Monday, September 27, 2010

monkey, monkey, where for art thou monkey

Iyad Zalmout was born in Syria. He developed a love for geology growing up in the mountains collecting fossil gastropods and bivalves to show his friends - this later morphed into collecting lizards and snakes to scare his class mates. Iyad completed his PhD at the University of Michgan with Phil Gingrich on "Late Eocene sea cows (Mammalia, Sirenia) from Wadi al Hitan in the Fayum Basin, Egypt" and has stayed as a Post-doc in the Exhibit Museum.

A year ago Iyad was looking for whale fossils in a presumed to be section of marine sediments when he began to discover terrestrial mammal fossils. He was amazed to discover what is problably the last common ancestor of apes and monkeys before the two lineages separated. With a major discovery like this, press releases were made both by the publishing journal Nature and the University of Michigan. The reading this week will be the paper published in Nature.

Slide show of the primate fossils
Nature Video


  1. I'm interested to see how well Ilyad can keep this lecture from going over my head. That Nature article was heavy on the taxonomical names to the point I found it cumbersome to read. Can we have a simpler explanation of the morphological uniqueness of this find?

  2. This sounds really exciting! I am looking forward to Iyad's talk. It baffles me that they were able to find this fossil when just walking around. It's so strange to think about ancient fossils from millions of years ago just hanging around waiting for someone to find them. It's also incredible to think about primates living 29 million years ago.

    I also agree with James, I hope I am able to understand what Iyad has to say!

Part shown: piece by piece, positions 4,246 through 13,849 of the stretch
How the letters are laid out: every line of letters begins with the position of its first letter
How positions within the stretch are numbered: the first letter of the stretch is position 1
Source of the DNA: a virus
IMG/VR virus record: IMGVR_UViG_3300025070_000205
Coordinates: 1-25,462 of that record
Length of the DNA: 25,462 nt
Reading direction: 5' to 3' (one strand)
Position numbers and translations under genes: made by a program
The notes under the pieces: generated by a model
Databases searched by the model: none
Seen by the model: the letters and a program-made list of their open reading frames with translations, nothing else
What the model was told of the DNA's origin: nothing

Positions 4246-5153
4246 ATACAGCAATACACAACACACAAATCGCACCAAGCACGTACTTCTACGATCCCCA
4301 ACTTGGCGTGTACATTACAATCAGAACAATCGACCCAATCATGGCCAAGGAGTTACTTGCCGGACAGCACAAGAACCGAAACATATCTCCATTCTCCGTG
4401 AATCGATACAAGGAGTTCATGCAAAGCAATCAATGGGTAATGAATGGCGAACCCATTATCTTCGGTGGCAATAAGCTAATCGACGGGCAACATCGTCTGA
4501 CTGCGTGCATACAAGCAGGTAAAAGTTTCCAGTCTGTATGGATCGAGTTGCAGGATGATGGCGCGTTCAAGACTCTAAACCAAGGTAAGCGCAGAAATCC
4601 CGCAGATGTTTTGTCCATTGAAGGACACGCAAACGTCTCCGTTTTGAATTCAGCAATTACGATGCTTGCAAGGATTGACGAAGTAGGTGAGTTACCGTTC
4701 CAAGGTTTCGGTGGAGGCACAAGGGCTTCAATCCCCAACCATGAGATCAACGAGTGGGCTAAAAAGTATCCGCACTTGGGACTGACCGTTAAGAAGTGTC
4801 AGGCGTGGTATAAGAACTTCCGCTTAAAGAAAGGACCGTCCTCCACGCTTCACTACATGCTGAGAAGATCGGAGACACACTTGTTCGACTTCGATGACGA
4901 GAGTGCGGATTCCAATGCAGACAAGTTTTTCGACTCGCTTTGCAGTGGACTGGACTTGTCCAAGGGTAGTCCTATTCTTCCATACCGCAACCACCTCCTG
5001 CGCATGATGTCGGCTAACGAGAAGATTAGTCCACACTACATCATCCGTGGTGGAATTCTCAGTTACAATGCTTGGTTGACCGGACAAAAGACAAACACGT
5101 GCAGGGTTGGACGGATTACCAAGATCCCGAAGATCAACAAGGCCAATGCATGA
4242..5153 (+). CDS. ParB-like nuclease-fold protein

3. This subject is very interesting and I was excited to hear what he would say but unfortunately a lot of things went over my head. His slides and presentation were hard to follow and overall I thought he was speaking to people that were already very knowledgeable in the subject. Other than that I am definitely excited to see what he will uncover as he continues to research this skull.

  4. I have to agree with just about everything Michelle had to say. I thought the first 1/3rd of the presentation was good and easy to follow (the background on the specific trip and the find), but not all that "scientific." When we got to the actual academic portion of the presentation there was a ton of complex jargon which I couldn't follow. Quite a few of his pictures were interesting, but I don't feel like I really got as much out of them as intended.

  5. I could follow the first half of the presentation pretty well, and the pictures and information Iyad presented about his expedition were interesting. But towards the latter half the terms he was using got too technical for me - it did become hard to follow. I did however get a feel of the impact/significance of his discovery.

  6. This presentation was very interesting. After reviewing some of the information on Iyad's findings again, in addition to information from later presentations, I wonder how much did the critical zone play in the fossils' preserving and perhaps warping.